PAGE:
According to Proverbs, success in life is not ultimately a matter of the intellect.  Nor is success about the will.  No, Wisdom and Folly are matters of the heart.

Solomon says to the prince in Proverbs 4:23:

“Keep thy heart with all diligence; for out of it are the issues of life”.

The heart is our wellspring.  What – or rather, who – we love will flow out into every area of life.

We say “who” because Wisdom is very definitely a Person.  She is Lady Wisdom.

Chapter 1 introduces her like this:

“Wisdom crieth without; she uttereth her voice in the streets: 21 She crieth in the chief place of concourse, in the openings of the gates: in the city she uttereth her words, saying, 22 How long, ye simple ones, will ye love simplicity? and the scorners delight in their scorning, and fools hate knowledge? 23 Turn you at my reproof: behold, I will pour out my spirit unto you, I will make known my words unto you”.  (Proverbs 1:20-23)

She has words to speak, a reproof to give and the spirit of Wisdom to offer. She’s very attractive to the crown prince.  But who is she?

Well she will be very attractive to the crown prince.  In Proverbs 8 she says,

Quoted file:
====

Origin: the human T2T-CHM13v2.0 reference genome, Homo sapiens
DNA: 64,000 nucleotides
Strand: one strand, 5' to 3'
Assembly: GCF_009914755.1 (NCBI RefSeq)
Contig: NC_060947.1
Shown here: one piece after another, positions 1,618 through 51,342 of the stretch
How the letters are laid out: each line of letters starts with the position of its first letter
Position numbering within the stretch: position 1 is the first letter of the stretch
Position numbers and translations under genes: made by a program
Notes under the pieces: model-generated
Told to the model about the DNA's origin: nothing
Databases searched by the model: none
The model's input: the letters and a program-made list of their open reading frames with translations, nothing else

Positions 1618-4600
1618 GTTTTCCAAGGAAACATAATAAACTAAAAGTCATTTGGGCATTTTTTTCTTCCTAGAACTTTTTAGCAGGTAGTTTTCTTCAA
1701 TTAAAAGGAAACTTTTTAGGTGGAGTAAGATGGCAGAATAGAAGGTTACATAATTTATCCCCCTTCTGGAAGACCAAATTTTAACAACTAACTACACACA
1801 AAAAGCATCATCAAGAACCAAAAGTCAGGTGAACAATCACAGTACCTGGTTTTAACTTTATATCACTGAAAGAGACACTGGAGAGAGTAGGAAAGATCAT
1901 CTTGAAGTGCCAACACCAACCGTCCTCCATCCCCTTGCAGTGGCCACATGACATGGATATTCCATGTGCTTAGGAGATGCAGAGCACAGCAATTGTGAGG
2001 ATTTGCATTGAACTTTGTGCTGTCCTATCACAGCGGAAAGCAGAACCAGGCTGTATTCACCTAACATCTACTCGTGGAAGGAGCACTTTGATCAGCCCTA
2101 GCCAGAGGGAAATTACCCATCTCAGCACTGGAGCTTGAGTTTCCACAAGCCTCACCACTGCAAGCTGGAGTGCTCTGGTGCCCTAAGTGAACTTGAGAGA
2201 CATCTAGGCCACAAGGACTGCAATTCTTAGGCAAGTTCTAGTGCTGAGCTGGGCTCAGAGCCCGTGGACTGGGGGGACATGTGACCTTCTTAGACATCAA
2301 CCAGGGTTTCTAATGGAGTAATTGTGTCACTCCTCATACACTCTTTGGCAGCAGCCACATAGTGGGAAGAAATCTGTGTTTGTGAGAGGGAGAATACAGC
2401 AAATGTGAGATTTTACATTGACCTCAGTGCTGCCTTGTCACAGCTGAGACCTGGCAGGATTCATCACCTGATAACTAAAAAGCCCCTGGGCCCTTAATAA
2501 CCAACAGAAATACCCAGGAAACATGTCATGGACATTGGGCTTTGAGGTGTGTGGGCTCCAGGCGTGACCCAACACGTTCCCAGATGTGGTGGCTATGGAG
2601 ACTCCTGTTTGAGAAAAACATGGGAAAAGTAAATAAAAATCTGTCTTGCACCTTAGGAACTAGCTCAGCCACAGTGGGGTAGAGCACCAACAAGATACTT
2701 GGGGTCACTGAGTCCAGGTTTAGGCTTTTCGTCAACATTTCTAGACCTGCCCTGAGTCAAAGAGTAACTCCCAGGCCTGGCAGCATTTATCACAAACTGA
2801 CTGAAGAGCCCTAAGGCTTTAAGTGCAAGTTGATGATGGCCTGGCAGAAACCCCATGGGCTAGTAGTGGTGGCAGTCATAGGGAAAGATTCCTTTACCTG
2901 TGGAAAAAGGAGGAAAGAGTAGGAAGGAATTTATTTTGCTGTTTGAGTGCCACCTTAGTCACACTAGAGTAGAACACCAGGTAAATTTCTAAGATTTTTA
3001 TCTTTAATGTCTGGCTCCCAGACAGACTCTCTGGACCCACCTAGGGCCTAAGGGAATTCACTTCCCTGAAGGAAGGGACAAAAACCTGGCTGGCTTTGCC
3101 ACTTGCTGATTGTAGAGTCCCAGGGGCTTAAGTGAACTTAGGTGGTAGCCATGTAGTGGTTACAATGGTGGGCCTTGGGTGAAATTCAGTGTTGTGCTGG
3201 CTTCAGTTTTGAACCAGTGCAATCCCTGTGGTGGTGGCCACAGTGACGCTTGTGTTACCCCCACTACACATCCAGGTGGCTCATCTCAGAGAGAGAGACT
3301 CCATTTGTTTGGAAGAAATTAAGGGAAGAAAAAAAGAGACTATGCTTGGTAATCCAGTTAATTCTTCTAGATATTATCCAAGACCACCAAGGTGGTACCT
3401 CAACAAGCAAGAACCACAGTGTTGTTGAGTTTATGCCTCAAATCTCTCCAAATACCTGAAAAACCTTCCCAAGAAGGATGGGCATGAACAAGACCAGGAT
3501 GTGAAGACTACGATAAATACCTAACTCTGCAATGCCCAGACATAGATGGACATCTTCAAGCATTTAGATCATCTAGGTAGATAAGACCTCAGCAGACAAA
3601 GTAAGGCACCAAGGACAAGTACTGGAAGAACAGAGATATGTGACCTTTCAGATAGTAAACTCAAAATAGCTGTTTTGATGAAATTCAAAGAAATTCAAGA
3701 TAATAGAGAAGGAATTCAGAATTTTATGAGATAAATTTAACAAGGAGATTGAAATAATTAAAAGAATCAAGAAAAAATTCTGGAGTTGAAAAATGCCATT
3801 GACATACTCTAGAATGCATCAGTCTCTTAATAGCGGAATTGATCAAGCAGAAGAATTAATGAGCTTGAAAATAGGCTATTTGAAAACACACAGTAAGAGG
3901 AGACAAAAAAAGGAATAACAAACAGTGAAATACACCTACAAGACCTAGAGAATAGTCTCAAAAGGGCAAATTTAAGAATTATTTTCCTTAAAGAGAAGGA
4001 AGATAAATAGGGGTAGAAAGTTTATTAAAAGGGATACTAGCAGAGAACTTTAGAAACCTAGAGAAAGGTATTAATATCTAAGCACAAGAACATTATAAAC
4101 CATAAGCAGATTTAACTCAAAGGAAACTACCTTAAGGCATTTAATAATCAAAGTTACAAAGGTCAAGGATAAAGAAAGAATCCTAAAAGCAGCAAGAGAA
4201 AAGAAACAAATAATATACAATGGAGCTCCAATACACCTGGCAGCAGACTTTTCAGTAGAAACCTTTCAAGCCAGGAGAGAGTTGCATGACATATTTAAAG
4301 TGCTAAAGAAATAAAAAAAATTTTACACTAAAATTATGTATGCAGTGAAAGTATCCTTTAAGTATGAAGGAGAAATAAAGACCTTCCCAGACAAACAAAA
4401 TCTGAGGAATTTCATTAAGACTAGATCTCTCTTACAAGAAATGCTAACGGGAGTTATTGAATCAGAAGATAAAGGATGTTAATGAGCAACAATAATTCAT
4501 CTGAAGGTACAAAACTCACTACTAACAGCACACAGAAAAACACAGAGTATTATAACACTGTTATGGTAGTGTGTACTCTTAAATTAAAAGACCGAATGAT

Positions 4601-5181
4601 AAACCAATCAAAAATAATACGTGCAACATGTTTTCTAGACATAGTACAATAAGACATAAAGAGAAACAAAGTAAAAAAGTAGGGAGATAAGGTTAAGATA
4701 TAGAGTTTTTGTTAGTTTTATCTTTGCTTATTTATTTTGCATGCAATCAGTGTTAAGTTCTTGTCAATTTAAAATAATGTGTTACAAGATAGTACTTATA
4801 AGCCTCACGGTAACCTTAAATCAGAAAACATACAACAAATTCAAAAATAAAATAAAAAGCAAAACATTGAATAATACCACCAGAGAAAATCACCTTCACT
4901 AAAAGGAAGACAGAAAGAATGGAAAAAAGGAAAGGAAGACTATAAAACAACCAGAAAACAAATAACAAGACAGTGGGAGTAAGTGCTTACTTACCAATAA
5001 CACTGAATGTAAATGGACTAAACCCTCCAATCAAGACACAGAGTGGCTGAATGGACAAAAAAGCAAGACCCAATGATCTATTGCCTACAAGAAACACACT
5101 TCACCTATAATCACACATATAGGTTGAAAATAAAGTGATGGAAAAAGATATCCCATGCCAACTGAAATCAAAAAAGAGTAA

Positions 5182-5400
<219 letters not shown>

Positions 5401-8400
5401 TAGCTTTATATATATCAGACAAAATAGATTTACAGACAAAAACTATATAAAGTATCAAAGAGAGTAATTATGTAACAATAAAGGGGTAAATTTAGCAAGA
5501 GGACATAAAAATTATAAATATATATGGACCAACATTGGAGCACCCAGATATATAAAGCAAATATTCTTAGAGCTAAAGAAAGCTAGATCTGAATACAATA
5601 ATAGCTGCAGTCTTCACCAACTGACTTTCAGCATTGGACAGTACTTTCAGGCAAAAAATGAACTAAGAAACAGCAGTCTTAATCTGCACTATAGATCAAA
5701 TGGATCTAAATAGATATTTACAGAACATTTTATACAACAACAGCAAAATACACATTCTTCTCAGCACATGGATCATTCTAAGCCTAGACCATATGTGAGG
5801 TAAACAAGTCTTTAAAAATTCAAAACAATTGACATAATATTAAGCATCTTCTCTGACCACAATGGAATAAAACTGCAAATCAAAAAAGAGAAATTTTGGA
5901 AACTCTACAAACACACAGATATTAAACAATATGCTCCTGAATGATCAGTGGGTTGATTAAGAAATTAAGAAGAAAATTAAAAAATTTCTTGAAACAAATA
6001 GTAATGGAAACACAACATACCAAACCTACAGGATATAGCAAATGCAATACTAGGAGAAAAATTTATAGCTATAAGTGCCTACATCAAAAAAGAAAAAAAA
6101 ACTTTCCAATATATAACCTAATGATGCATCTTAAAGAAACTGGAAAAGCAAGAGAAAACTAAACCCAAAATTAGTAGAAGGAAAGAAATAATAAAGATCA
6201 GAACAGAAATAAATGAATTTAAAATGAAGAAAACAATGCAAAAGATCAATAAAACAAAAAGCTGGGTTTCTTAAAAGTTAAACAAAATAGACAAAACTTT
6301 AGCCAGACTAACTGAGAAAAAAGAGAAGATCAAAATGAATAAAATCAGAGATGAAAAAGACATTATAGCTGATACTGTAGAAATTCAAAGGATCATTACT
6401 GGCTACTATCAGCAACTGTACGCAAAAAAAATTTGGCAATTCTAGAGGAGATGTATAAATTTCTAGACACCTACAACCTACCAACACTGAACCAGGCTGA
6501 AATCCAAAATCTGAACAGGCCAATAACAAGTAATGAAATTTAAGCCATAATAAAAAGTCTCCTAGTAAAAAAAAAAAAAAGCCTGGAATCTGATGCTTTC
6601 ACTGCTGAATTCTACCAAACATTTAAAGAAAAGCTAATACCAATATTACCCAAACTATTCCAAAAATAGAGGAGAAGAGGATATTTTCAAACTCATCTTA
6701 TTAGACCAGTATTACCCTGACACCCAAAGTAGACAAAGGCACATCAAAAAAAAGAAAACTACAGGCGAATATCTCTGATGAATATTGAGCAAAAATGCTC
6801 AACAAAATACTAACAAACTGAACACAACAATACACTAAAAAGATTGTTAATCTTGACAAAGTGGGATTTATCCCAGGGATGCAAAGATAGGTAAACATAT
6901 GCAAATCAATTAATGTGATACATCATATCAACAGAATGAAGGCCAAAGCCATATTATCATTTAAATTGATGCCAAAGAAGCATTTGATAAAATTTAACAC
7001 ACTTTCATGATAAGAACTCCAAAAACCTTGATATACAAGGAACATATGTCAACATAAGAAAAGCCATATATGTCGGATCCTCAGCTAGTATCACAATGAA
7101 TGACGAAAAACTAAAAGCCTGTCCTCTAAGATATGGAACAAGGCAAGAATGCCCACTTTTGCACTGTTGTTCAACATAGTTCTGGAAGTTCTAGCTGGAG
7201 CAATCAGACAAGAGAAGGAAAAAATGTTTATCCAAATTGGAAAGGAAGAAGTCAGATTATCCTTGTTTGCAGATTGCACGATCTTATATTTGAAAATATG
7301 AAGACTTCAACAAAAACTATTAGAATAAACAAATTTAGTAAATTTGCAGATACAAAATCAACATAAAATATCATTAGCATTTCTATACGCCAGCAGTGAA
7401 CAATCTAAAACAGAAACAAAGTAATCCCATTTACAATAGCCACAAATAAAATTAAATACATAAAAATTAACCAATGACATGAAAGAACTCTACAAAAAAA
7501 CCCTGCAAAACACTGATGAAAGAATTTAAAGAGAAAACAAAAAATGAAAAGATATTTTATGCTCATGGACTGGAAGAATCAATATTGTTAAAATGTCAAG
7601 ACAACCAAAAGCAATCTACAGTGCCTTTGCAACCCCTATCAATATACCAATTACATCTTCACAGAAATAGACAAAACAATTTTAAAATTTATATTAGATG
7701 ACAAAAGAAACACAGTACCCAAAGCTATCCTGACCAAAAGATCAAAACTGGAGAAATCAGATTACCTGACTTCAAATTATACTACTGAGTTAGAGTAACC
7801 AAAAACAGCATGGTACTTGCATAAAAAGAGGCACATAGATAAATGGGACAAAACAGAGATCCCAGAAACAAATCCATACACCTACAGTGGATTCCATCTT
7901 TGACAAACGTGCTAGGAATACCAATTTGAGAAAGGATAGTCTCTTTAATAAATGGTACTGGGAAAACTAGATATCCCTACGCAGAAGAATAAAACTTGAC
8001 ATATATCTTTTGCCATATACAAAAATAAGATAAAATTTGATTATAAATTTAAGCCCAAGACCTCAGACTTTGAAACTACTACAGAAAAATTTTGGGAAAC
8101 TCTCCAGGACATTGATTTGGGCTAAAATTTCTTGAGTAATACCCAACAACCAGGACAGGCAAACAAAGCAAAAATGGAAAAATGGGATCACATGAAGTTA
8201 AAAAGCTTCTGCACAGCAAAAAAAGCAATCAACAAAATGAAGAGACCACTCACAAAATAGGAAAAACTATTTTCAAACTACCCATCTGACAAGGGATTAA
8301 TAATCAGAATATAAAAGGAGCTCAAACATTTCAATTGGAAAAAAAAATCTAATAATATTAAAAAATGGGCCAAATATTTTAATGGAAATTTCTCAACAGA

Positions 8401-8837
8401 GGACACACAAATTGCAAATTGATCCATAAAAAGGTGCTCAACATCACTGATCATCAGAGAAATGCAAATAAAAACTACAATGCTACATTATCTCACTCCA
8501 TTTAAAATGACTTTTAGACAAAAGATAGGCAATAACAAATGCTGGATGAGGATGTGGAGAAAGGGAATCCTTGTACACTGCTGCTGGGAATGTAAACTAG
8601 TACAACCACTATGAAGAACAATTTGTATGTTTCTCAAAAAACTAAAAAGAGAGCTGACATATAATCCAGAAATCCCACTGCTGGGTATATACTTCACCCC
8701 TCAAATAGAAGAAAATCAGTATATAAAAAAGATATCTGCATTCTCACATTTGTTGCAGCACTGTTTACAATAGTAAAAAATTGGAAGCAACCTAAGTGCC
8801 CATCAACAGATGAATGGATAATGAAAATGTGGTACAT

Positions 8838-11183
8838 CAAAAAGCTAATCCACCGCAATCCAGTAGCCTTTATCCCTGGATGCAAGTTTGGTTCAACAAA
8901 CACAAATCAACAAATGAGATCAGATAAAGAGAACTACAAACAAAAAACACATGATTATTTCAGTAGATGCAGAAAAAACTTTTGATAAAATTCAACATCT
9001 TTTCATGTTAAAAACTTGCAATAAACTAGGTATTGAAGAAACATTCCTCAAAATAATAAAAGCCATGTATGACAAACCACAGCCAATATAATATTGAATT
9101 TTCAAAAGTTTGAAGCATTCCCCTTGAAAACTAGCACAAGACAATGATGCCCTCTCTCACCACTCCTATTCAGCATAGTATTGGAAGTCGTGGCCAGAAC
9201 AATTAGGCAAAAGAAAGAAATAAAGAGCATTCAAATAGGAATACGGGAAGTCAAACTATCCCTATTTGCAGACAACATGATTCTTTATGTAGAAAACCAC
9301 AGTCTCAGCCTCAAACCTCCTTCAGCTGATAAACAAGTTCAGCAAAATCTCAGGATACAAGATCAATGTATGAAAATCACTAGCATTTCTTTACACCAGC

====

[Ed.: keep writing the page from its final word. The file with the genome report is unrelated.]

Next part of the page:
By me kings reign, and princes decree justice.  (Proverbs 8:15)

She empowers kings.  But she is not just the Wisdom of rulers: she’s the Wisdom of the entire cosmos.  In chapter 8 she speaks of her role in creation:

30 “Then I was by [the LORD], as one brought up with him: and I was daily his delight, rejoicing always before him; Rejoicing in the habitable part of his earth; and my delights were with the sons of men. Now therefore hearken unto me, O ye children: for blessed are they that keep my ways. Hear instruction, and be wise, and refuse it not. Blessed is the man that heareth me, watching daily at my gates, waiting at the posts of my doors. For whoso findeth me findeth life, and shall obtain favour of the LORD.  But he that sinneth against me wrongeth his own soul: all they that hate me love death”.  (Proverbs 8:30-36)

As the crown prince hears these words, Wisdom wins his heart .  Wisdom will be his true partner, the one by whom he will rule.

If we imagine ourselves listening to this Father-Son fireside chat, it’s obvious who Wisdom represents.  Wisdom is the eternal Spirit, the Son’s true Partner, the One by Whom He will rule.

But what about us?  We’re not the crown prince.  Can we expect to know Wisdom for ourselves?  And how?  The Apostle Paul tells us:

[Ye are] in Christ Jesus, who of God is made unto us wisdom  (1 Corinthians 1:30)

The Spirit belongs to Christ.  But if we belong to Christ, we get Wisdom.  So as we read Proverbs, we read it in Christ.  Therefore Christ is made unto us Wisdom.

This means that the Christian hears Proverbs 8:35 from Christ’s lips – and here is the key lesson for the book, in fact for the whole bible:

For whoso findeth me findeth life, and shall obtain favour of the LORD.

Forget “fortune cookie” aphorisms.  These are the most fundamental “words of the wise.”  Come to Christ and share in His Spirit.  Whatever else you get in life, get Wisdom!